Objectives Risk of subsequent diagnosis of HIV in persons diagnosed with newly acquired syphilis, and syphilis in HIV-infected persons, are of interest as these infections are markers of unsafe sex.
Methods From a nationwide register, all Danish men aged >16 years diagnosed with syphilis in the period 2000–2010 (n=1217) were identified, and subsequently data on HIV status was extracted from the Danish HIV Cohort Study. We used Kaplan–Meier analysis to estimate the 5-year risk of HIV and second syphilis infection, and Cox regression to determine incidence rate ratios (IRR).
Results The 5-year risk of HIV diagnosis was 9.8% (95% CI 7.0% to 12.6%). Those with a second diagnosis of syphilis had a higher risk of being diagnosed with HIV (IRR=3.1, 95% CI 1.2 to 8.0). The 5-year risk for a second diagnosis of syphilis was 14.8% (95% CI 12.1% to 17.4%) and HIV-infected persons had a higher risk of a second syphilis diagnosis (IRR=4.0, 95% CI 2.8 to 5.9). Sixty-five percent of the persons were men having sex with men (MSM). Thirty-four percent of the HIV-infected persons had viral load >1000 copies/ml at time of syphilis diagnosis.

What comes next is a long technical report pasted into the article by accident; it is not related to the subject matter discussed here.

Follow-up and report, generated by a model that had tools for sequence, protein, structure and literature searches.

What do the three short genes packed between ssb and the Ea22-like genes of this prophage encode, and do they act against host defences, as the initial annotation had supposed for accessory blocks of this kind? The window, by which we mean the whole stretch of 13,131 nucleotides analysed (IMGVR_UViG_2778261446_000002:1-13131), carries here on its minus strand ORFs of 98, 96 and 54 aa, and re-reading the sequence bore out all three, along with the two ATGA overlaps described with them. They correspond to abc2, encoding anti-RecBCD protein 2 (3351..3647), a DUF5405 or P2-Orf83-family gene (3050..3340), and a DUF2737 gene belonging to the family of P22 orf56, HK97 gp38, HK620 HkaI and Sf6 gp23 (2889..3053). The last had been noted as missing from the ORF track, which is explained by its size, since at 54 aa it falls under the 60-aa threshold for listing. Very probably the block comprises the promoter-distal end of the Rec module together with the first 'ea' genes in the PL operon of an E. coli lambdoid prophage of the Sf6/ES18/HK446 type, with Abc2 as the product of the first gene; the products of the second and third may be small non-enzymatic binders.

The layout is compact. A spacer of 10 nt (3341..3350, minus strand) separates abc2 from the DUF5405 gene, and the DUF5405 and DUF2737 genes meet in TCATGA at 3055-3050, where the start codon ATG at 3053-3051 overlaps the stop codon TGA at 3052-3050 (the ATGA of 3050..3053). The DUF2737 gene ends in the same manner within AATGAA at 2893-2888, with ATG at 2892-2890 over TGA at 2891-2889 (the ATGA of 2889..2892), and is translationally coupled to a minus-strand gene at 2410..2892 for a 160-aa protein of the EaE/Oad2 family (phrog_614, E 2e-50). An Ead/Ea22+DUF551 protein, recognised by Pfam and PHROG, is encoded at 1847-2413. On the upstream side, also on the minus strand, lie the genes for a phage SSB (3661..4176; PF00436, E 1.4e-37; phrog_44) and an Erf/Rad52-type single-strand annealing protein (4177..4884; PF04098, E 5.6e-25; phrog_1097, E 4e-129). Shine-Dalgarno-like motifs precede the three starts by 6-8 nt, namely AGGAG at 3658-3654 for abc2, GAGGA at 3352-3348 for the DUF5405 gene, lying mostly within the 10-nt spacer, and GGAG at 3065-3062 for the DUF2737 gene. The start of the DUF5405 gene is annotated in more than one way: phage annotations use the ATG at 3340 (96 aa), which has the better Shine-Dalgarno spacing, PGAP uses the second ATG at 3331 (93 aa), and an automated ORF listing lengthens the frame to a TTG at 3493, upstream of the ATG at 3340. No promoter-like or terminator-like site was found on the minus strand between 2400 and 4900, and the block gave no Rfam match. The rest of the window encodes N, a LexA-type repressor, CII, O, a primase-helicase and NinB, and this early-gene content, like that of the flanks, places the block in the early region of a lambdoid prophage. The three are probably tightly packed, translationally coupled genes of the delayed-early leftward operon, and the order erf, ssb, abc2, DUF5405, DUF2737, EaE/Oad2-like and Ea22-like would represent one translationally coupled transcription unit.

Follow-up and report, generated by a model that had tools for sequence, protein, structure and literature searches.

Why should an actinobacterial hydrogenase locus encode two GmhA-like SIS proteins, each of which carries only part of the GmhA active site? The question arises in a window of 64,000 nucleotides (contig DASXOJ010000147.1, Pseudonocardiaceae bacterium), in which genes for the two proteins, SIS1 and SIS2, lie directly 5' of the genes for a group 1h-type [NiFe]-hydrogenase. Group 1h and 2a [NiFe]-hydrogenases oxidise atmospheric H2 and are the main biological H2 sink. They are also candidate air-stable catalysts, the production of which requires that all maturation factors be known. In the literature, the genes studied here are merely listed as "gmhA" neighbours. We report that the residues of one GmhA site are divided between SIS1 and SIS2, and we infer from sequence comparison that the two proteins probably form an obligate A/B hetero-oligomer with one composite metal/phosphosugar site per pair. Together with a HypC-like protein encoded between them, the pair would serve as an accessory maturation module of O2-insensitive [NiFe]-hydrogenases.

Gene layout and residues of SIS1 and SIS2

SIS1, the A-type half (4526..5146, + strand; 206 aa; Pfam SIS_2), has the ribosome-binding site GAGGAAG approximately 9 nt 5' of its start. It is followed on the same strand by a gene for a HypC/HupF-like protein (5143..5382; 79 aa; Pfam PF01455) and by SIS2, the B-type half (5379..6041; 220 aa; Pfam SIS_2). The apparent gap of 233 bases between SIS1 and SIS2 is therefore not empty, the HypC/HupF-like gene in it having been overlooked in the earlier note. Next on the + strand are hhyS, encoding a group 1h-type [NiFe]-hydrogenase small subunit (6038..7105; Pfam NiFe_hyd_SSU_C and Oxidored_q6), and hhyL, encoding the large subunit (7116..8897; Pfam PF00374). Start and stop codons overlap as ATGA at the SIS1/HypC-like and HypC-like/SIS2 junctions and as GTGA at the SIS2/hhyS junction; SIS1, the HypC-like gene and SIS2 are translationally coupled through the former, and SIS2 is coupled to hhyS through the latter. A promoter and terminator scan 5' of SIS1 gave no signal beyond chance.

Conclusions The substantial risks of syphilis and HIV infection in men diagnosed with one of these sexually transmitted diseases indicate a high frequency of unsafe sex in the Danish MSM population. As one-third of the HIV-infected persons diagnosed with syphilis had high viral loads, our data support initiation of antiretroviral therapy in all HIV-infected MSM to reduce HIV transmission.
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